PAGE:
Tag Archives: sacrifice

Remembering Those Who Served

Hand on wallMy mother’s older brother was in Pearl Harbor the day it was bombed. “I was running along Battleship Row while they [the Japanese] were sinking them,” he wrote in a one-page account I found in my mother’s papers after she died. When the attack started, Uncle Eddie had been sent to shore in a motor launch to fetch the officers for his ship; he had to swim for his life when shrapnel blew a hole in the bow of the launch.

My father, like many young men his age, felt the call to serve and joined the Navy in early 1942. He, two of his brothers, and my mother’s two brothers all served during the war. One fought his way across Europe with the infantry. One was a bombardier over Europe. One served with an Allied force in Russia. My father was accepted in Officers Candidate School and was commissioned an ensign on the day I was born. There is some strange irony, I suppose, in the fact that he saw less combat action than the others, then was killed in a car accident only a few months after coming home to civilian life when the war ended.

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I grew up in the 1950s and ‘60s with a stron
g sense of gratitude for what they had sacrificed to make the world safer for my generation.

I knew veterans who served in Korea. I had friends who fought, and in two cases died, in Vietnam. I know others who have fought in wars since then. Many of them don’t get the respect they deserve for their willingness to sacrifice in defense of liberty—their own and that of others. Many who came home from Vietnam were treated cruelly and shamefully by people who should have celebrated their safe return.

Let it be clear that I am not saying we should celebrate war, in victory or loss. War is a terrible failure of the human spirit on the grandest scale. It is a great evil that ought to be eliminated. It is often brought on by evil in the arrogant, grasping hearts of those who crave power. Wars may be justified at times by patriots, but the combat is frequently mismanaged and manipulated by misguided politicians who ought to bear at least some of 3 GIsthe blame for the waste of lives. While others may disagree, I have come to see the war we fought in Vietnam in that light.

But I have deep respect for the veterans who fought it. They served no matter their feelings about the conflict and its causes. Like my father and his generation, they were willing to put everything on the line when their country needed them. Those who have served in the Middle East and Afghanistan have seen their duty clear even when the cause might have been murky.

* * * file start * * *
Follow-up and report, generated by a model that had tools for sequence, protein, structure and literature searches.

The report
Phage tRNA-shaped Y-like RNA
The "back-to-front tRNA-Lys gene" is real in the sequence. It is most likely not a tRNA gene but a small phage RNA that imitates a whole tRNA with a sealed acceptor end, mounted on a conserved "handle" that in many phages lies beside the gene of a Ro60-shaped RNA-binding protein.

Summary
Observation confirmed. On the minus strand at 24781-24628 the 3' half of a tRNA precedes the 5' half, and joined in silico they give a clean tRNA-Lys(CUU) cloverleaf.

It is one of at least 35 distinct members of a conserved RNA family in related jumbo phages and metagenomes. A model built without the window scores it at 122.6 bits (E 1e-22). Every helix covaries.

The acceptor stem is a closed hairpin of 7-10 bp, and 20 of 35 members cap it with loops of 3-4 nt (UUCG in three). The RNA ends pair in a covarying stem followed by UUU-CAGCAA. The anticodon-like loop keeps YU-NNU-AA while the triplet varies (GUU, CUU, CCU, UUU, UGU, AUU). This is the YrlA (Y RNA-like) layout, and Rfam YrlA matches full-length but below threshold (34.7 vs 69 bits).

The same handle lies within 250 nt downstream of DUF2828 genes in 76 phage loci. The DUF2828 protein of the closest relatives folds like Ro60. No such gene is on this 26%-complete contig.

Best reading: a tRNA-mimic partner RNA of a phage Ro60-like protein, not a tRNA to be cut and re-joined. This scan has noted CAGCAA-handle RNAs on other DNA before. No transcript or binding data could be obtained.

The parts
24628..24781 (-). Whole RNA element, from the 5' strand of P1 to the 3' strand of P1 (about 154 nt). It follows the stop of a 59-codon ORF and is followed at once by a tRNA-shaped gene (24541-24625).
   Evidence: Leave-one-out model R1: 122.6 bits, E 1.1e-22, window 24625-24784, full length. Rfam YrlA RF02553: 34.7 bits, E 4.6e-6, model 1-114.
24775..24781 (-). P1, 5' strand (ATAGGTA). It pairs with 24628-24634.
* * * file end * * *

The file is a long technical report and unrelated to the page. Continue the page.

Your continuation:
Let us honor them—all of them—equally for their courage and sacrifice. It does not matter in which conflict they gave “the last full measure of devotion,” to quote Mr. Lincoln at BinghamGettysburg. Whether they laid down their lives on the battlefield or came home to continue contributing in civilian life, we owe them our thanks and respect. No one should question their devotion to freedom. They stepped up when they were called. For that alone, we owe them thanks.

That is what I will be thinking about this Memorial Day.

 

Mom, Thanks Again

Agua volcano, from Guatemala City, November 3, 2012.

Dear Mom,

I’m back in Guatemala again. I wish you could see me now.

You came here once and enjoyed this place, when you picked me up at the end of my mission in 1966. Because you liked working with people, you enjoyed the people here.

I’m trying to enjoy them too. I think I’ve grown up a lot since my first time here. I enjoy people more, even when they don’t see things my way in discussions about religion and faith. There are so many good people here, all of them sons and daughters of God.

I wish I could tell you thanks again for what you did when you supported me as a missionary. Do we ever really understand when we’re young—15, or 18, or 20—what our parents are doing for us? I see now that it must have been tougher for you, a widow and a single mother, than  I understood at the time. It was years later when I learned that you devoted a third of your income each month to supporting me as a missionary. It was years before I knew that we had been living below the official poverty line for President Lyndon Johnson’s “Great Society” programs. Heavenly Father blessed us so much that we never knew we could officially be considered poor.

Mom, when I wrote you every week, I used to tell you about what I had been doing. I tried to make my time effective. I wanted to do what Heavenly Father wanted me to do, and I tried to respect your sacrifice in supporting me.

Shopping in the central market.

I’m still trying to do the same thing. I’m grateful that my companion of 44 years is here to help me. We’re feeling our way in a new situation. For me, it’s the way it was when I served out in that small Guatemalan town in the fall of 1965, far from official direction. We’re close to official direction now, but in a way no one knows exactly what we’re doing because it hasn’t been done here before. In a way, we’re breaking new ground.

We want to do as a team what our Heavenly Father wants us to do, and we both want to respect the sacrifices that have been made—by ourselves and by others—to allow us to be here. Sunday, November 4, marks exactly 48 years since I arrived in Guatemala the first time to serve as a missionary, and I believe—I hope—that I understand better now what a privilege it is to be here.

Mom, if I could write you a weekly letter, I would tell you I’m still trying to do my best.

I wish you could see me now.

But perhaps you can.

House in Guatemala City where I lived in the spring of 1965.The front patio was open then, with no steel gate, and the street was not paved.